Printmaking: After many years in the world of music, I am surprised and delighted to also be exploring printmaking. This is an ideal artistic practice in which to experiment with rich colours and diverse textures, the presence of which I have always deeply appreciated in visual art, fabric, wool, gardens, theatre sets and lighting, etc. I really enjoy the frequently aleatoric results of preparing and pulling a print – no matter what you plan, your expectations can be fooled!
As a professional musician in the Western classical tradition I have spent most of my artistic life adhering to certain necessary collective technical and expressive conventions which are not always my own. Printmaking is a genuine source of rejuvenation and liberation for me, revealing my defaults of artistic habit and offering refreshing reminders and insight into what ‘playing’ really means.
Many thanks to Loree Ovens, Colin Savage, Kate Hawkins, Peter Finney, Joan Malcolmsen, Anna Gaby-Trotz and others, and to Open Studio and the Toronto Heliconian Club Visual Art Section. And many thanks to the friends and strangers who have come to the various shows I’ve been a part of and liked my work enough to take it home with them!
Some recent work (less-than-stellar photographs taken by yours truly):
Photo by Tara McMullen, courtesy of Toronto Masque Theatre
The Seljefløyte: Since 2000 I’ve been playing this traditional Norwegian flute, best known in English as the ‘willow flute.’ I love playing it, both for its remarkable sound and for the inner space to which it takes me. Tunes are played on this traditional instrument, which has no fingerholes, by using the two harmonic series of the open and closed pipe. My rep consists of a growing number of traditional tunes and tunes of my own devising, and it’s an inspiring medium for improvisation. I own four, in different keys – three by Ånon Egeland, and one by Magnar Storbekken.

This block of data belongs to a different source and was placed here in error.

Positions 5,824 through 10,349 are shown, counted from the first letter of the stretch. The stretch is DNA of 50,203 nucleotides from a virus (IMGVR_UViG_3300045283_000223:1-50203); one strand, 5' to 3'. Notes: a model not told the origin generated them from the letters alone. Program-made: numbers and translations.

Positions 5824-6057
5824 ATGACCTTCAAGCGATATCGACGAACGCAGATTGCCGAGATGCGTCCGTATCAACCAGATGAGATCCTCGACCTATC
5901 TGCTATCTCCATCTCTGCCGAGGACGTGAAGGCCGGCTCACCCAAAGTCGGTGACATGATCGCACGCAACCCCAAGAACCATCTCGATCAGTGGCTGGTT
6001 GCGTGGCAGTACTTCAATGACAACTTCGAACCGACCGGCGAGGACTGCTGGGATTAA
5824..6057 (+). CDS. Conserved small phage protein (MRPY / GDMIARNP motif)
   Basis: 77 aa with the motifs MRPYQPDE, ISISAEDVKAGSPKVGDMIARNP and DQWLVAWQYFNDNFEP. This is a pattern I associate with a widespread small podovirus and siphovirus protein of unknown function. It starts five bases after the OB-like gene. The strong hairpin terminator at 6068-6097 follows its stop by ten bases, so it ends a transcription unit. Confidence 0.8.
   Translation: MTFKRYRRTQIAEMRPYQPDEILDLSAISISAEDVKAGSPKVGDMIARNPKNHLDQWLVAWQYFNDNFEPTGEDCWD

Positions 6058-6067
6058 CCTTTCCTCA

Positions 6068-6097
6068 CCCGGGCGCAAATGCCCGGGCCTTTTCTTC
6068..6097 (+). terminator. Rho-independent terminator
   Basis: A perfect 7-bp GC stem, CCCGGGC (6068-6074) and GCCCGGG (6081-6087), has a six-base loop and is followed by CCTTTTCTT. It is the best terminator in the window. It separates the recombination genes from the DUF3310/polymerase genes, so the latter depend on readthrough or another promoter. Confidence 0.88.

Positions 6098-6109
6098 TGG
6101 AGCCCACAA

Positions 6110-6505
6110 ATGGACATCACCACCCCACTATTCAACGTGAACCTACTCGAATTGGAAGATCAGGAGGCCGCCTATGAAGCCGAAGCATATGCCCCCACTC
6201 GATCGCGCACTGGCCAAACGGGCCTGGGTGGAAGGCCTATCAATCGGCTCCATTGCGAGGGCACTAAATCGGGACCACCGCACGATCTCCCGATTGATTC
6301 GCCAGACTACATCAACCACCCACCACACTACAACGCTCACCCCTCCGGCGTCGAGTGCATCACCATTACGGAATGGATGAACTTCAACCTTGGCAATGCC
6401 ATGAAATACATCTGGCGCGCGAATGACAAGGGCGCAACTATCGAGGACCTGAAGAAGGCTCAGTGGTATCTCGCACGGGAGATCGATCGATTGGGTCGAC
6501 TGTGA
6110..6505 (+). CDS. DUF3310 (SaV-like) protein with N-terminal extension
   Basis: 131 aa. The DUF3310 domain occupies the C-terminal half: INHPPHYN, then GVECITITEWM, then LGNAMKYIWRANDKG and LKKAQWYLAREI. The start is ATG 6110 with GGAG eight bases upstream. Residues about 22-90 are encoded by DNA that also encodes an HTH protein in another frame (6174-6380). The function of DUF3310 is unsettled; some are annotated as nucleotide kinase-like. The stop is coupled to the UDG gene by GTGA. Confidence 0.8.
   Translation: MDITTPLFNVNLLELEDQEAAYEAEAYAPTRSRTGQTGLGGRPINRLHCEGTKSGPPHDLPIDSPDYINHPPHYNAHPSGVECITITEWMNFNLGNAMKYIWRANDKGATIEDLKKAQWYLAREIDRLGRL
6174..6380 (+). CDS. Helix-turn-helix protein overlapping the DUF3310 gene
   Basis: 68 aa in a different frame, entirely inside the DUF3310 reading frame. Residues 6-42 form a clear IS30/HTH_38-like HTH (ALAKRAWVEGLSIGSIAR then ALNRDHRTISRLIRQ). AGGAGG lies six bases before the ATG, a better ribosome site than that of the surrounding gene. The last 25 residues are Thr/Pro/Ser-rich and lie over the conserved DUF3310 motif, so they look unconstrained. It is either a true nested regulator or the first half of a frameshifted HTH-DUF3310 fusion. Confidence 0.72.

I also have a sjøfloyte, or traditional recorder, by Bodil Diesen but my traditional repertoire on that is even smaller. So far.
The Kantele: Meet Finland’s beautiful member of the dulcimer family – I’m glad I did! Thanks to all who’ve helped me along the way of playing this instrument, including Gerry Henkel, Rauno Nieminen (who made the instrument pictured here), Matti Palonen, and most of all Arja Kastinen, whose inspiring musicianship, playing skill, and passion for the kantele has made so much possible for so many people. Thanks too to the fellow travellers and friends I met at Arja’s small kantele workshop in Finland in the summer of 2016, and to the Canada Council for the Arts for the travel grant which made that trip possible.